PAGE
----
How can we create greater pride in public service and volunteering?
What’s the problem?
Community views of the public service are important. They inform decisions on the number of public servants and public service agencies as well as the services they provide.
The Centre for Policy Development has found that most Australians support government exercising an active role in society and the economy. Australians are also generally supportive of increased public service funding, even if it means paying higher taxes. However, while there is a high level of community support for increased government investment in health and education services, there is a relatively lower level of support for expenditure on sport, the arts and welfare. There is also a relatively low level of support for general government administration. One theory is that we are more likely to value ‘visible’ frontline services compared to ‘invisible’ public servants engaged in administration, policy development and managing government finance. However, one can’t work without the other.
Community attitudes and behaviour are also impacting on volunteering in Australia. According to the Australian Bureau of Statistics, changes are occurring in the levels of involvement in activities connecting people to their broader community and the way people are interacting with the community outside their household. These changes are consistent with a decrease in the time and opportunity that Australians have for recreation and leisure, and social and community interaction. This is translating to declining rates of volunteering.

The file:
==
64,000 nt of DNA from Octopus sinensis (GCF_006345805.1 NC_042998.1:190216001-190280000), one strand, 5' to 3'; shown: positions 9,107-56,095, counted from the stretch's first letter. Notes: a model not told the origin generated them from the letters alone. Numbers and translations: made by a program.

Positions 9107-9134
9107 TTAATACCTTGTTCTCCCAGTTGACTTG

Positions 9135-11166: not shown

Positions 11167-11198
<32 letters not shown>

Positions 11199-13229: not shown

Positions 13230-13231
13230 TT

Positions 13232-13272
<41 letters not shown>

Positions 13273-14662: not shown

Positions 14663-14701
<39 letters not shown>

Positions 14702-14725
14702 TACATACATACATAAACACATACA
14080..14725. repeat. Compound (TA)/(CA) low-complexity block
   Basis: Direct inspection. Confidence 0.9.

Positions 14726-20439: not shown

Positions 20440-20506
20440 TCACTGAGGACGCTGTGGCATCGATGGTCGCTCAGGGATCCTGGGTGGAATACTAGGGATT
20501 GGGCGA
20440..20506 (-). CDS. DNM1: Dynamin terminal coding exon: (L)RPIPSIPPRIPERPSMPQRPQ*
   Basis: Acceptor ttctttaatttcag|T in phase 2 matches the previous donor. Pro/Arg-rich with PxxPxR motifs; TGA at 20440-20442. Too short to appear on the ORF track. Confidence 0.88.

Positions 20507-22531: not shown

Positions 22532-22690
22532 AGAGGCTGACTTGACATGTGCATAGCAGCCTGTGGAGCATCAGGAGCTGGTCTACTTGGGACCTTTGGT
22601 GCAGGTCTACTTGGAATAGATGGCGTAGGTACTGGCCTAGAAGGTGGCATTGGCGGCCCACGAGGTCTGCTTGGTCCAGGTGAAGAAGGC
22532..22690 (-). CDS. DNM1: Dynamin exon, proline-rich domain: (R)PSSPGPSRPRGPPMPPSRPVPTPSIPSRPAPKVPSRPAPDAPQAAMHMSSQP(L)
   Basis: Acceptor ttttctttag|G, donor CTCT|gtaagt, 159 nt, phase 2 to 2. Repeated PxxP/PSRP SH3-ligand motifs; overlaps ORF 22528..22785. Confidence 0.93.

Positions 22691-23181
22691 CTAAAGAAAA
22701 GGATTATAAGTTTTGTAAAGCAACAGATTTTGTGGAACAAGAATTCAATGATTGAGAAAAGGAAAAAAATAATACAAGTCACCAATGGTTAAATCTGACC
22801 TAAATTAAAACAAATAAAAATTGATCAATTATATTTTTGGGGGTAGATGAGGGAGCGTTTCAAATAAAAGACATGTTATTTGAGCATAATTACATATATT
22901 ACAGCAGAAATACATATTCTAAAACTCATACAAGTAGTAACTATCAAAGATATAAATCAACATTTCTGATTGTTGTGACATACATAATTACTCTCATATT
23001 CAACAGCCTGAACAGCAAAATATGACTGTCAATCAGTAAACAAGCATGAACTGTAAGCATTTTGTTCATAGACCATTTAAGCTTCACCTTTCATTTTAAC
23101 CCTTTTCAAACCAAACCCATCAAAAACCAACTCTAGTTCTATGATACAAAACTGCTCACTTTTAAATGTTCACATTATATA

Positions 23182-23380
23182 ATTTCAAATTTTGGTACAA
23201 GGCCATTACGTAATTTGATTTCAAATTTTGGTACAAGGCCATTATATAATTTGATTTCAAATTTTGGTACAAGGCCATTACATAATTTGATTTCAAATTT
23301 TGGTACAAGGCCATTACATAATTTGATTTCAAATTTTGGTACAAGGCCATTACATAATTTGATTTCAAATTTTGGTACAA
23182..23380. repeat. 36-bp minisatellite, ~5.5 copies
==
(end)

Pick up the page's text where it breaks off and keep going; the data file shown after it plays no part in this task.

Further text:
Seven things you need to know
The strongest support from the community for public service agencies is to deliver education and health services.
In 2014, volunteering rates declined for the first time since the ABS began national voluntary work surveys in 1995. Volunteering rates peaked in 2010 when 36% of people aged 18 years and over were volunteering. The rate in 2014 was 31%. This meant approximately 5.8 million people contributed 743 million hours to the community.
Women are more likely to participate in voluntary work than men (34 per cent and 29 per cent, respectively).
The highest rates of volunteering were for young people aged 15-17 years (42 per cent), those aged 35-44 years (39 per cent) and older people aged 65-74 years (35 per cent).
The most common type of organisations that people volunteer for are sport and physical recreation organisations. However, people were less likely in 2014 than in 2010 to be involved in social groups such as sport or physical recreation groups, arts or heritage groups, and religious or spiritual groups or associations. Participation in sport and recreational activities decreased from 74% in 2010 to 70% in 2014.
Nearly half of all volunteers have volunteered for more than 10 years and more than two-thirds of volunteers report that at least one of their parents had also participated in voluntary work.
The most commonly reported reasons for volunteering are to help others or the community (64 per cent), for personal satisfaction (57 per cent) or to do something worthwhile (54 per cent).